here a short and long awaited update on my Google Summer of Code work. I've been finishing the update of libpurple's Entity Capabilities implementation to the latest version and added a bit functionality so that 3rd-party plugins for Pidgin can query for some contact's capabilities or adding capabilities to Pidgin's feature list which they implement. It's been tested and seems to work. Thanks to Arne König for testing all this and giving useful feedback.
During the last weeks I've added TXT record lookup to libpurple's asynchronous DNS lookup system and make libpurple automatically query for Alternate Connection Methods for XMPP. The end user won't notice much of the underlying mechanics but if she/he is behind some firewall with HTTP proxy and the XMPP service administrator has setup the right records and services libpurple will automatically use BOSH to login and everything will be nice.
Onto new business. I've started implementing a HTTP 1.1 stack which is nearly finished. I've already started implementing BOSH which is based on this new HTTP stack. The great thing about it is that I use Safa Sofuoğlu's Google Summer of Code project, which is about improving OpenFire's BOSH support, for testing. So if I implement according the spec and something doesn't work I can directly report the errors, discuss them and get them fixed quite fast. The best of all will be a XMPP server supporting latest version, version 1.6, of BOSH in form of a connection manager part in OpenFire and a client supporting the latest BOSH.
The next week I'll try to get BOSH at least working and do some debugging and cleaning here and there. If I don't get it finished till GSoC deadline I'll finish it later on.
Cheers and happy coding,
Here a long overdue and promised update on my work on libpurple's XMPP protocol plugin.
Currently I'm finishing support for XEP-0115 version 1.5 in the protocol plugin. I've decided to only support latest version of the XEP because it's most secure. However, what does this mean exactly?
Well, former caps worked so you give a version string and so called short names with your presence stanzas. Though shortnames are really obsolete and we already have a registry for features identified by their namespace and the former version of the protocol didn't provide any amount of security. One could tell you that it's Psi or Tkabber and send a whole different feature set and all clients with that version would be associated with the wrong feature set of the poisoned cache.
Version 1.5 doesn't have these flaws. Whether your contact has a client distributing its capabilities using SHA-1 or MD5 hash, both are supported by the future libpurple. Sadly for contacts having clients not supporting caps it will simply mean a bit more disco requests. For contacts using clients supporting latest version everything will go smoothly and as soon as their hash is confirmed by own recalculation it's added to the own cache.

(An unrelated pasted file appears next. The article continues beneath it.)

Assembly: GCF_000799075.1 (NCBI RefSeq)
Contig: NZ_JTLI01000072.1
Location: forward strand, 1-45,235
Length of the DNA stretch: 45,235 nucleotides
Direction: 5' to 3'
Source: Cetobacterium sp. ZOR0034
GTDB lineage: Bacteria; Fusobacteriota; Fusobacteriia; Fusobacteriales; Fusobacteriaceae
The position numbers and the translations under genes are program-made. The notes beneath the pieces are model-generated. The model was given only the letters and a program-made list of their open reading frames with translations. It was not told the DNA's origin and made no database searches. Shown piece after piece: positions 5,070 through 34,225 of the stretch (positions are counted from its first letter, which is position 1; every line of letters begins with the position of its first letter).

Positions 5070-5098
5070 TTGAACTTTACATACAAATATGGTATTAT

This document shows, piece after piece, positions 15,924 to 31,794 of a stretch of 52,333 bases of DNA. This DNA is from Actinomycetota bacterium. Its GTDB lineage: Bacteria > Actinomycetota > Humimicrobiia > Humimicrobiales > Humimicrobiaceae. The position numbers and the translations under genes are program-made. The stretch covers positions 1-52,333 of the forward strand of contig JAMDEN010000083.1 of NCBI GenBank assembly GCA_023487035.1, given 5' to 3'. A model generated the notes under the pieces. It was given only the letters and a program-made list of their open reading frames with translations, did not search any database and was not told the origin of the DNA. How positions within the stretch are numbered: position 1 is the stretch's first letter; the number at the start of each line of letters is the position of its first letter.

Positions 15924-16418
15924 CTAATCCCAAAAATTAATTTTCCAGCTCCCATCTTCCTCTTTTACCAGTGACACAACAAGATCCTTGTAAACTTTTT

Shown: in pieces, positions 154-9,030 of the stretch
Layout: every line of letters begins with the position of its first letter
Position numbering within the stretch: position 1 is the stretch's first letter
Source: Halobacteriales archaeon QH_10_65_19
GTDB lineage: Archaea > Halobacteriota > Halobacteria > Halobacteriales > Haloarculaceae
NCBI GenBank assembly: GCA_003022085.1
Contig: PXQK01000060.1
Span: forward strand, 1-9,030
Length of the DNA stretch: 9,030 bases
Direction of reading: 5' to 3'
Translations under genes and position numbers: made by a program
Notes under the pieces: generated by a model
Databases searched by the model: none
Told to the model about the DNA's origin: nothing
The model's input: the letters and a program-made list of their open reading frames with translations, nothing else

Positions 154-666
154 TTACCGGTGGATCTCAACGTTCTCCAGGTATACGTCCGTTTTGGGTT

In the end Entity Capabilities pave the way for painless and user-friendly modern instant messaging features like voice and video over IP, using Jingle, and gaming applications. In the end libpurple based clients will soon join the row of Entity Capabilities supporting clients, which currently is already supported by the latest versions of Gajim and Tkabber.
Next on the list after finishing caps support. A little bit of ad-hoc support cleanup and after that a BOSH implementation for libpurple.
Since XMPP is (becomming) the biggest player from all the instant messaging protocols out there, there are a lot Google Summer of Code™ projects in the XMPP field this year. BOSH, the highly discussed dream team for connecting to XMPP from mobile or other limited network environments, is covered by a lot projects this year. My GSoC project is, not only, about adding BOSH support to libpurple, the C instant messaging library which powers desktop clients like Pidgin and Adium and web clients like Meebo. libpurple doesn’t only cover nearly any proprietary instant messaging protocol but also some open protocols like IRC, SILC and of course XMPP. For XMPP, as the (future) major instant messaging protocol, it’s most important that XEPs get implemented, coded and used in real life. There is a huge number of XEPs which aren’t implemented and may never be, who knows. I will implement BOSH from the beginning since there is no codebase in libpurple in the BOSH field and just contacted Safa Sofuoğlu, a GSoC student for the XSF mentoring organization, who updates Openfire’s BOSH implementation. We plan to test our implementations of the two XEPs, XEP-0124 and XEP-0206, against each other since he’ll write a server side implementation and I’m writing a client side implementation.
Our aim is to have not just working and good performing implementation but moreover implementations according to the two XMPP Enhancement Proposals. I’m looking forward to the inter-project collaboration.
Cheers and good luck to all Google Summer of Code™ students,